Here's the question you clicked on:
rishabh.mission
matrix Question ....plz help
See the attachment
please just solve this Question
one way is use the trig identities \[ \tan \left(\frac{x}{2} \right)= \frac{1-\cos\ x}{\sin\ x }=\frac{\sin\ x }{1+\cos\ x}\]
plz buddy solve this i don't have any idea how to solve..
you could start by writing down I-A can you do that ?
I have problem with that equation in the circle i shown.
call 2 sin^2(a/2) = x then it looks like 1-x+x
**look at the top left expression. Doesn't that simplify?
:( not understand
or are you asking how they got to that point ?
that's Eq^n 1st
you just posted the left side. on the right side (the messy one) they did I-A times the other matrix I take it you understand how they got to the matrix labeled (2) ?
the matrix above the circled stuff....
We could go through that mess, but I would replace tan(a/2) with (1-cos)/sin in the top left entry: cos a + sin a tan(a/2) becomes cos a + sin a * (1-cos a)/sina= cosa + 1 -cosa = 1 which is what we want. Doing the way you have laid out is messier, but we can go through that if you want
can we write \[\cos \alpha/2 = (1-\tan ^{2} \alpha/2) / (1+\tan^{2} \alpha/2)\]
sorry ** its \[\cos \alpha \]
yes please .. @hoa
left side, i got I+A = \[\left[\begin{matrix}1 & -\tan \frac{ \alpha }{ 2} \\ \tan \frac{ \alpha }{ 2 } & 1\end{matrix}\right]\] = right side = (I-A) [ ] = \[\left[\begin{matrix}1 & \tan \frac{ \alpha }{ 2}\\ -\tan \frac{ \alpha }{ 2 } & 1\end{matrix}\right]\left[\begin{matrix}\cos & -\sin \\ \sin & \cos\end{matrix}\right]\]
that's correct i already done this
a11= cos + tanalpha/2* sin= 1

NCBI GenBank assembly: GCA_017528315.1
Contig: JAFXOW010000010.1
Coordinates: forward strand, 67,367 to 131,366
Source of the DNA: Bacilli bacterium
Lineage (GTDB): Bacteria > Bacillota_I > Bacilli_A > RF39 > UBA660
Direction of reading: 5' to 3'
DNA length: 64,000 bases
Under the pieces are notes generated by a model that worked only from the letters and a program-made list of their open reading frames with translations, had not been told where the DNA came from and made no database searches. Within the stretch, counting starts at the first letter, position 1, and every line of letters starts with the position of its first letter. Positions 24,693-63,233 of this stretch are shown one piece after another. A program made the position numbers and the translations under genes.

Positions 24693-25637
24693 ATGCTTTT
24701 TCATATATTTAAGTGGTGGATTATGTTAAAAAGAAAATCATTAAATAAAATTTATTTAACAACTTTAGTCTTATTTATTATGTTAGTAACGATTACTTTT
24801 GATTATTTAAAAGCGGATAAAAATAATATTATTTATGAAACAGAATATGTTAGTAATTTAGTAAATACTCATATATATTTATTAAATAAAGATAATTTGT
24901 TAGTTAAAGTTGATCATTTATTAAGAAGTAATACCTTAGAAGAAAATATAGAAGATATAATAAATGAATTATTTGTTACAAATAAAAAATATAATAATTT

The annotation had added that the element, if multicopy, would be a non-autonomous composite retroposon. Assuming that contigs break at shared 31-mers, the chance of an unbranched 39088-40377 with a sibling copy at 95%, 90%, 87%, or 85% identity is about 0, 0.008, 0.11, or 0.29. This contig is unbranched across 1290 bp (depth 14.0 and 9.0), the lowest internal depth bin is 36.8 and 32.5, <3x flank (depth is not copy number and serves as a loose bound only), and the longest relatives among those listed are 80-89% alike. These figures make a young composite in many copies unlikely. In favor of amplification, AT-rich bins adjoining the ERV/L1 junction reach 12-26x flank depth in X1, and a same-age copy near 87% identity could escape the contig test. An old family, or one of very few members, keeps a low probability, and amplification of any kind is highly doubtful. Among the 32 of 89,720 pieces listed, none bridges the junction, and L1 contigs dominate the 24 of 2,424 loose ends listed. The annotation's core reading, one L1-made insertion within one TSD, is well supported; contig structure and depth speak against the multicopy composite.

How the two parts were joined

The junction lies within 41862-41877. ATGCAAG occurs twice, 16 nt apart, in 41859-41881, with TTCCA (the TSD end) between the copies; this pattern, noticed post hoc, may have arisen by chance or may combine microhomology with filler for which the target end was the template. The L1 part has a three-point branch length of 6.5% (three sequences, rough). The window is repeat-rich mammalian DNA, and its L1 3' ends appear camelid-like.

you can expand the term like what phi says and you get 1 exactly what the left side matrix is
for the top right of (2 - sin a + cos a tan(a/2) factor out -tan(a/2) (because that will be the answer) -tan(a/2) ( sin(a)/ tan(a/2) - cos(a)) replace 1/tan(a/2) inside the parens by multiplying by (1+cos(a))/sin a we get -tan(a/2) ( sin(a)*(1+cosa)/sina - cos(a))= -tan(a/2) ( 1 +cosa -cos a)= -tan(a/2) do the same thing for the other entries.
because \[\cos + \sin *\tan \frac{ \alpha }{ 2 }= \cos + \sin\frac{ \sin }{ 1+\cos }= \frac{ \cos +\cos^2 +\sin^2 }{ 1+\cos}\] =1
bingo. phi!! I am with you now. @rishabh.mission is it right?
Just last Query ... how both that matrix same ?
why do you make that question, why do you separate (I-A) and [cos sin....] matrix to calculate just the latter like that.?you may mess them up.
they are a block and calculate together.
I will do the top left entry 1- tan^2(a/2) is 1- sin^2(a/2)/cos^2(a/2) putting over a common denominator we get (cos^2(a/2) - sin^2(a/2)/cos^2(a/2) the numerator is cos(a) (one of version of the identity you need to know or look up) the denominator of the tp left entry 1+ tan^2(a/2) is 1+ sin^2(a/2)/cos^2(a/2) = (cos^2(a/2) + sin^2(a/2)/cos^2(a/2) = 1/cos^(a/2) the cos^2(a/2) cancels and we are left with cos a
@phi i can also use this cos(2a)=1-tan^2a/1+tan^2a
that identity is true, but I have not tried to use it to simplify you problem. I tried to explain how I would do you problem.
ok you can solve this using this identity
It does not look like a fruitful way to proceed, as you have sin and cos
No we can do using that Eq too
i'll show it to you in morning :)